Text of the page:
Ibram X. Kendi's concept of antiracism reenergizes and reshapes the conversation about racial justice in America--but even more fundamentally, points us toward liberating new ways of thinking about ourselves and each other. Instead of working with the policies and system we have in place, Kendi asks us to think about what an antiracist society might look like, and how we can play an active role in building it.
In his memoir, Kendi weaves together an electrifying combination of ethics, history, law, and science--including the story of his own awakening to antiracism--bringing it all together in a cogent, accessible form. He begins by helping us rethink our most deeply held, if implicit, beliefs and our most intimate personal relationships (including beliefs about race and IQ and interracial social relations) and reexamines the policies and larger social arrangements we support. How to Be an Antiracist promises to become an essential book for anyone who wants to go beyond an awareness of racism to the next step of contributing to the formation of a truly just and equitable society.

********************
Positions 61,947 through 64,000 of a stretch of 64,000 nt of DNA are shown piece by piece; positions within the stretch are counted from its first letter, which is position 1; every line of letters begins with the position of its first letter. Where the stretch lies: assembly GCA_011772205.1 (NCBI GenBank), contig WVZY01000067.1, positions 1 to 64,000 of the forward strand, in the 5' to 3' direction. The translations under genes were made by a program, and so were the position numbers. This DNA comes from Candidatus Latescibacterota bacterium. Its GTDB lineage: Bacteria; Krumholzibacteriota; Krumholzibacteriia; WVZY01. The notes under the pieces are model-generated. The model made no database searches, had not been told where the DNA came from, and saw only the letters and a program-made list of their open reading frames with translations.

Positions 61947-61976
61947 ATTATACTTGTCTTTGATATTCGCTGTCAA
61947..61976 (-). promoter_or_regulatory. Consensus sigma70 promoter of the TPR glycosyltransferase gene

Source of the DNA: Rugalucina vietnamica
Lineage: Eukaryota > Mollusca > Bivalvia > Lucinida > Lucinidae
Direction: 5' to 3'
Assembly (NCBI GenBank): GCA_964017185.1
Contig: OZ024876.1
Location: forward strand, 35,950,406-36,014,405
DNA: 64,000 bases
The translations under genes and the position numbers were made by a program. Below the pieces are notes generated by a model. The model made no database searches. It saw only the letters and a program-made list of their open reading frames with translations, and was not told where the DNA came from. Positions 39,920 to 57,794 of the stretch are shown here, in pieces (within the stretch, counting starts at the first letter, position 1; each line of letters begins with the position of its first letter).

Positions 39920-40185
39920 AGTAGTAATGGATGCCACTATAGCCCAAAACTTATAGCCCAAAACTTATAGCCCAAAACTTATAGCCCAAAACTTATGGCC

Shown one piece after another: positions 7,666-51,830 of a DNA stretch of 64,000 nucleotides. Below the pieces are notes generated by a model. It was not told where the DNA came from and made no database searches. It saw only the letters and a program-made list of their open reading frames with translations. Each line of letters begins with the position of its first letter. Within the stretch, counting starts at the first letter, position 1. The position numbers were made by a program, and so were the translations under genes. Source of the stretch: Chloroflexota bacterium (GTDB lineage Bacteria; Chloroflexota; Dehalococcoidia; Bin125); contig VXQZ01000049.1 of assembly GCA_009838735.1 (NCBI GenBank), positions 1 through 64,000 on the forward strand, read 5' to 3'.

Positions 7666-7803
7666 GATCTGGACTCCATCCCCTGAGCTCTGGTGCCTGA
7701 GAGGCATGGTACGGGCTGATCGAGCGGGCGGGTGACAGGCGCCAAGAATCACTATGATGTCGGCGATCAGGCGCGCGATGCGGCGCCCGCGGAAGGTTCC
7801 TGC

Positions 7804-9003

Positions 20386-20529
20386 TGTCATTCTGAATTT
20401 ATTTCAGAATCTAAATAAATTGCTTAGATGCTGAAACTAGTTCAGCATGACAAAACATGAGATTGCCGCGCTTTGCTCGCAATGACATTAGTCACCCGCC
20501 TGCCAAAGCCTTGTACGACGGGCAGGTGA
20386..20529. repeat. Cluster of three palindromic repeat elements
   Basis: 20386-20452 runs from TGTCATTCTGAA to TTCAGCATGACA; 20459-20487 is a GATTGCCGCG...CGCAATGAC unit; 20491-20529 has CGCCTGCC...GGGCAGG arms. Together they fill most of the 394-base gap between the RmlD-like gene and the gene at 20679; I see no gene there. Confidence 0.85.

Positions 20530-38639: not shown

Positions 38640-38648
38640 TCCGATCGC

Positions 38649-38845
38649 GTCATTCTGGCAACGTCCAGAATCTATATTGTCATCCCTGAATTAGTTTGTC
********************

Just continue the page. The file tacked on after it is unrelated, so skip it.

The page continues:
Questions for Conversation...
(p. 15) Tom Skinner said: “Any gospel that does not speak to the issue of
enslavement and injustice and inequality - any gospel that does not want to
go where people are hungry and poverty-stricken and set them free in the
name of Jesus Christ - is not the gospel.” Do you agree?
(p. 18) Is every policy in every institution in every country “producing or
sustaining either racial inequity or equity between racial groups” ?
(p. 19) How can discrimination produce equity?
(p. 20) “The most threatening racist movement is not the alt right’s unlikely
drive for a White ethnostate but the regular American drive for a
“race-neutral” one.” What does Kendi mean by that? Do you agree?
(p. 22) Do you think that health care policies are intentionally designed to
shorten the lives of people of color?
By Kendi’s definitions of racist and anti-racist, are you striving to become a
racist or an antiracist?